Click here to read the full article from the San Diego Union-Tribune

California’s gun seizure program hits hurdles

Gun seizureAuthorities in California are struggling to enforce a state law that permits officials to seize firearms from people with previous criminal convictions or mental health issues – running into staffing and budgetary issues that have contributed to a massive backlog of guns marked for confiscation.

The law, which was passed in 2013 following the shooting at Connecticut’s Sandy Hook elementary school and set aside $24 million for seizure programs, had a goal of confiscating around 20,000 guns over three years. But six years later, according to a San Francisco Chronicle report, there are still roughly 9,000 of those guns out there, with more being added to the list yearly.

While the state’s new governor, Gavin Newsom, has made gun control a priority of his new administration and has proposed a multi-million-dollar increase to hire more agents, the program reportedly has been hit by retention issues and a lack of experience among new agents. …

Click here to read the full article from Fox News

Will Gavin Newsom be tougher on guns than Jerry Brown?


Gun Open CarryCalifornia Democrats on Monday outlined a plan to enact new forms of gun control, and they’re hoping Gov. Gavin Newsom will sign firearm restrictions that his predecessor vetoed last year.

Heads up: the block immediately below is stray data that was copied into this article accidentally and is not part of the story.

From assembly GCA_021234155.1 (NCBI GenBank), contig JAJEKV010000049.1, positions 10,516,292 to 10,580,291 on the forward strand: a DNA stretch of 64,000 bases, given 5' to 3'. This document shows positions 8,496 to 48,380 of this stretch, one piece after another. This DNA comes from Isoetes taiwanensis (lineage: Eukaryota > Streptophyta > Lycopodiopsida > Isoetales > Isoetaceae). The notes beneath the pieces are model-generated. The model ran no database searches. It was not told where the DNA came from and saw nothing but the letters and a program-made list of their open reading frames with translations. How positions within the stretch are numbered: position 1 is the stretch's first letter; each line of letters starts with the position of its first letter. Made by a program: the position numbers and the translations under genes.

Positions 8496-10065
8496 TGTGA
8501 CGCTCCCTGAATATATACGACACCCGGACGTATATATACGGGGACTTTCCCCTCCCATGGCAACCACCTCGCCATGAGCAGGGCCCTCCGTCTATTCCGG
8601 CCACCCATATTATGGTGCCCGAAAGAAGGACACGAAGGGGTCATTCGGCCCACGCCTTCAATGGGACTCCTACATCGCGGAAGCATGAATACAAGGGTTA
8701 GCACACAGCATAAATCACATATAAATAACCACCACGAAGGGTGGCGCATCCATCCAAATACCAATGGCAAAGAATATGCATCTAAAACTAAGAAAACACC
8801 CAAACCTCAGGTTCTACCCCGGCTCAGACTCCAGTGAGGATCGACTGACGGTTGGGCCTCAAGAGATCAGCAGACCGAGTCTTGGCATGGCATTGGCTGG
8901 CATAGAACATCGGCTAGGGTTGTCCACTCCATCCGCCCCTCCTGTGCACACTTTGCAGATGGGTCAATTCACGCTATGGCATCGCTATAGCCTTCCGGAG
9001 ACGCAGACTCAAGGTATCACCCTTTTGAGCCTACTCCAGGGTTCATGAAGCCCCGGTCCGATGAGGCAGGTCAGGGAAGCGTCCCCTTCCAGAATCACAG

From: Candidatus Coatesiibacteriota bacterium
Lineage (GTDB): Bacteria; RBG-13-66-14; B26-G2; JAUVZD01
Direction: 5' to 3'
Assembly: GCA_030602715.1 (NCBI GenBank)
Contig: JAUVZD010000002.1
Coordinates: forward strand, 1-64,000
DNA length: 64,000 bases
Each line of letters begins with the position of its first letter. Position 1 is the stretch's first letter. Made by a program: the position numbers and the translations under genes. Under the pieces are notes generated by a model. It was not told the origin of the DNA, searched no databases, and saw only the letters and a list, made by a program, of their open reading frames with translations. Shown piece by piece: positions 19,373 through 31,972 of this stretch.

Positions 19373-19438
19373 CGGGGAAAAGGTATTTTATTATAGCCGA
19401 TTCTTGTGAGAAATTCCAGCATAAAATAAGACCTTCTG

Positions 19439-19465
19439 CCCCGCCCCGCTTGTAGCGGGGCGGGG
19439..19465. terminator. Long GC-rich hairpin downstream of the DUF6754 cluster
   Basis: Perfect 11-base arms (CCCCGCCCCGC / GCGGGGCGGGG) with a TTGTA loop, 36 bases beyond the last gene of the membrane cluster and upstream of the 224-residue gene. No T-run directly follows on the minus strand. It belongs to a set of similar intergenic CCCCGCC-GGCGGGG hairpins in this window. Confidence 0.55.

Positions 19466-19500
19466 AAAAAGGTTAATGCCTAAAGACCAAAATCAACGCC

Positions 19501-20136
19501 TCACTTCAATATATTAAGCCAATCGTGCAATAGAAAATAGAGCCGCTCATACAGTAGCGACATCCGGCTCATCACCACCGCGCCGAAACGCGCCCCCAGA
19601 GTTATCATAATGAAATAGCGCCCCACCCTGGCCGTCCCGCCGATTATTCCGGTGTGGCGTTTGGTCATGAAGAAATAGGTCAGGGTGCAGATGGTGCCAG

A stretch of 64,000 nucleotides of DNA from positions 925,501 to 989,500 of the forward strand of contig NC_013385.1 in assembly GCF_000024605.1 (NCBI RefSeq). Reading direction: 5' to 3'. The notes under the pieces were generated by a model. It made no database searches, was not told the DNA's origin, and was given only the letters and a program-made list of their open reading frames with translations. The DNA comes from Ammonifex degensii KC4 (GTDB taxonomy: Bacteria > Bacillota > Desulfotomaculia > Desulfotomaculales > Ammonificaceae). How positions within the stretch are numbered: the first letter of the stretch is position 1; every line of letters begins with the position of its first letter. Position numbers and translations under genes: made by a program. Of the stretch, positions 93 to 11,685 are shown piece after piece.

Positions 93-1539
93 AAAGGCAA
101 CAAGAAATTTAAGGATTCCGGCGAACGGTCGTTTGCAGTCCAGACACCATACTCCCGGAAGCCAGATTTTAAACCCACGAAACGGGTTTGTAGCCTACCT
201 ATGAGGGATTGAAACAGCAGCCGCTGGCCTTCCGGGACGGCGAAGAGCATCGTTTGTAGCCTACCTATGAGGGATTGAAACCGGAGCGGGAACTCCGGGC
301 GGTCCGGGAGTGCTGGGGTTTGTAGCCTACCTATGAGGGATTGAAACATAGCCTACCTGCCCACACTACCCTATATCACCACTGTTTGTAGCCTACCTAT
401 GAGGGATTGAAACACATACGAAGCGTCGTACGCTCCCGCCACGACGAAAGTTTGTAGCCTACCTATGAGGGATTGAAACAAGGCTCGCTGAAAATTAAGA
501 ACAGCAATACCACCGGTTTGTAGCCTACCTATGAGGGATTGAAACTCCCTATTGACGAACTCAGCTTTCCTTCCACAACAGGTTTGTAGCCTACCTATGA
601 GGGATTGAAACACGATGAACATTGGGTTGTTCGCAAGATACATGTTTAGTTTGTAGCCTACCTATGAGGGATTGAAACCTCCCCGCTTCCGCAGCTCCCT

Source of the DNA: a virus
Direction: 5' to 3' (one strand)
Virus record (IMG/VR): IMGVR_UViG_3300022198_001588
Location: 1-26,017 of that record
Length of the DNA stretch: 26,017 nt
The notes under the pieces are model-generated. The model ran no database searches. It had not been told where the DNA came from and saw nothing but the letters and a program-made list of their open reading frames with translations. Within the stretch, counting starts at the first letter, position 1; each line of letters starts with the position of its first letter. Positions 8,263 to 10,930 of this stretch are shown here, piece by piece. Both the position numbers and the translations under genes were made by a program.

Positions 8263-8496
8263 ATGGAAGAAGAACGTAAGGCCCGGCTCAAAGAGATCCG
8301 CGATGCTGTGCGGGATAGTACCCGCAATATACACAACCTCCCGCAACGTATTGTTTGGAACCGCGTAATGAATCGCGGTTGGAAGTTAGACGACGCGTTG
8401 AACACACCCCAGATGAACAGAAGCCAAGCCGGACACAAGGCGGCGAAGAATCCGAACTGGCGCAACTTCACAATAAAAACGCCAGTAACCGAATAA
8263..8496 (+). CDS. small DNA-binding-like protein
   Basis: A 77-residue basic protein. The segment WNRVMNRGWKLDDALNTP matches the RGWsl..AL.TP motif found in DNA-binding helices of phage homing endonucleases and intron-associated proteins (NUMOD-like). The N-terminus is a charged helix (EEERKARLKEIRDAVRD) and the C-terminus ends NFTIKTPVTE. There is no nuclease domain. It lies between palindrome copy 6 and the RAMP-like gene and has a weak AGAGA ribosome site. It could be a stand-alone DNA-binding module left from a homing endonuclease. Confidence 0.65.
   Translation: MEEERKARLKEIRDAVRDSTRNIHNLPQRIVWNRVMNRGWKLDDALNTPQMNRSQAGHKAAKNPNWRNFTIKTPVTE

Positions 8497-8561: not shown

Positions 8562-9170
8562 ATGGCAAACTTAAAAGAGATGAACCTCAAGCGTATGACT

Standing alongside former Arizona Congresswoman Gabby Giffords, who was shot in the head at a 2011 Tuscon event, Democrats in the Legislature called for more gun restrictions.

So far, they’re proposing Assembly Bill 165, which would provide training to police officers on the use of gun violence restraining orders, and Senate Bill 61, which would limit firearm purchases to one gun per month.

“Stopping gun violence takes courage, the courage to do what’s right, the courage to new ideas,” Giffords said at the news conference. “I’ve seen great courage when lives are on the line. Now is the time to come together, be responsible. Democrats, Republicans, everyone, we must never stop fighting. Fight, fight, fight. Be bold. Be courageous. The nation is counting on you.” …

Click here to read the full article from the Sacramento Bee